Giving hope to persecuted Christians since 1995
Select Page

Religious freedom report lacks specifics, experts say

ICC Note:

The State Department’s newly released annual report on religious freedom was just released. While comprehensive, the report fails to implicate key state perpetrators of persecution, including Vietnam and Pakistan.

by Adelle Banks

10/27/09 USA (RNS) Religious freedom experts called for more specifics in the State Department’s policies on international religious liberty, but welcomed a new report that highlights abuse faced by people of faith throughout the world.

Released by the State Department on Monday (Oct. 26), the status report on religious freedom in 198 countries and territories pays particular attention to authoritarian governments that control religious expression or are hostile to religious minorities.

”President Obama has raised religious freedom in his speeches abroad without those sentiments being translated into concrete policy actions,” said Leonard Leo, chair of the U.S. Commission on International Religious Freedom, “and our hope is that this report will be the administration’s call to action.”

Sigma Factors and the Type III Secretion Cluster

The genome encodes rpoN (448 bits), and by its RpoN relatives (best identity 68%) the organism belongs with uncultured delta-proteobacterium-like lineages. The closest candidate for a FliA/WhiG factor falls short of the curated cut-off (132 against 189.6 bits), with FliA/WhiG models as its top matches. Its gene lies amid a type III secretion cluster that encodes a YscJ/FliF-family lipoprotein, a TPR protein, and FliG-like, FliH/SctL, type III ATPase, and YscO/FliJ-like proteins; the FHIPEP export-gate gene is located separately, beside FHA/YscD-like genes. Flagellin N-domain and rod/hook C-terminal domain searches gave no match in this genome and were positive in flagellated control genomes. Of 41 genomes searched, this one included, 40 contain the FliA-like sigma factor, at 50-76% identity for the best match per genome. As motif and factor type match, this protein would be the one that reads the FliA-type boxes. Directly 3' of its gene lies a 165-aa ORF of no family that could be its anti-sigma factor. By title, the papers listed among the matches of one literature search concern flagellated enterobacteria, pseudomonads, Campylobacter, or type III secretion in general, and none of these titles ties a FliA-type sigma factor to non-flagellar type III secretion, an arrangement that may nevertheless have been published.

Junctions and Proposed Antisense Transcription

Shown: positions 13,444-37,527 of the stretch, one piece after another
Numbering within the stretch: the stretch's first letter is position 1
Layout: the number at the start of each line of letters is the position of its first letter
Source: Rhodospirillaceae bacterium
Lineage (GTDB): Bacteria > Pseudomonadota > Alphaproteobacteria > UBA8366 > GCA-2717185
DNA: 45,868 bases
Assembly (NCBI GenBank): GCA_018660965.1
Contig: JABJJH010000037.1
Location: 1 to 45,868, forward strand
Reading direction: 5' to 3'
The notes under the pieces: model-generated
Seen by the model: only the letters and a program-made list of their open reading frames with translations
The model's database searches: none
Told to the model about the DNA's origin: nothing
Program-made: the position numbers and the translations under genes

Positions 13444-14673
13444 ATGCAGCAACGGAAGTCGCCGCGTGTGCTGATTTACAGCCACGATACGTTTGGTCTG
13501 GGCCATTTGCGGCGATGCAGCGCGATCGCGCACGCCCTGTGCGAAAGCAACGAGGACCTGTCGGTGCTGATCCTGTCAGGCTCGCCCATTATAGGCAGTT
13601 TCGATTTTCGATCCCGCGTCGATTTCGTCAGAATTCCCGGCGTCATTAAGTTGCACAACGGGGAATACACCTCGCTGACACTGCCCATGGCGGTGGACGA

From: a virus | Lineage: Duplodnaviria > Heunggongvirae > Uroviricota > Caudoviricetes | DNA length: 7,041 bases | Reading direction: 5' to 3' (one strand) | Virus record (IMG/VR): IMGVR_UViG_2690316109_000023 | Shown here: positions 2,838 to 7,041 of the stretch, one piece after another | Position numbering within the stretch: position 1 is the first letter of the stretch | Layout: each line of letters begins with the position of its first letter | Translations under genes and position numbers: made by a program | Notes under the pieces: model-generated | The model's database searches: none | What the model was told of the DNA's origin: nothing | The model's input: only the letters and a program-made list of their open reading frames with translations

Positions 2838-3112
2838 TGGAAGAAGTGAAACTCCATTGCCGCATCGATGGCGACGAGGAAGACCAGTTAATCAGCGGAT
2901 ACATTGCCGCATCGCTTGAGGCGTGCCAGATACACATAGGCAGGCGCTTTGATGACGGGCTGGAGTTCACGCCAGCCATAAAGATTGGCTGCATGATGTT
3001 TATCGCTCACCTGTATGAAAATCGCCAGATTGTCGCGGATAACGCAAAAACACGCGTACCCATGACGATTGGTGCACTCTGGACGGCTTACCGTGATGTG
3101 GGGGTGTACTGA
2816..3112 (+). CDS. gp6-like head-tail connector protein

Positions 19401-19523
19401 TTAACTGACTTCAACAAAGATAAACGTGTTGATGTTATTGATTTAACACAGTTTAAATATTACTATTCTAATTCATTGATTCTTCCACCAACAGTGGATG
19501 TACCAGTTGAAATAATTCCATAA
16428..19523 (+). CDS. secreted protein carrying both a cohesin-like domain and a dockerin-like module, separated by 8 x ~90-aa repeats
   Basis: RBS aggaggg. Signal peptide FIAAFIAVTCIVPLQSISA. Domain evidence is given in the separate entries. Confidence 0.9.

The independent commission also disagrees with the State Department on the status of religious freedom in some countries. In particular, the USCIRF has called for Pakistan and Vietnam to be added to the State Department’s list of “countries of particular concern.”

The State Department report notes that “serious” and “significant” problems remain in those countries. Michael Posner, assistant secretary for the department’s Bureau of Democracy, Human Rights and Labor, told reporters he hopes new the list of “countries of particular concern” will be made public by January.

The report notes that China’s “repression of religious freedom remained severe in Tibetan areas.” It also said: “Citizens do not have the ability to bring legal action based on the Constitution’s guarantees of religious freedom.”

Religious freedom experts knocked Obama earlier this month (Oct.) for refusing to meet with the Dalai Lama, whom China considers a “splittist.” The White House said Obama will meet with the exiled Buddhist leader after he returns from a summit in China next month.

[See full story]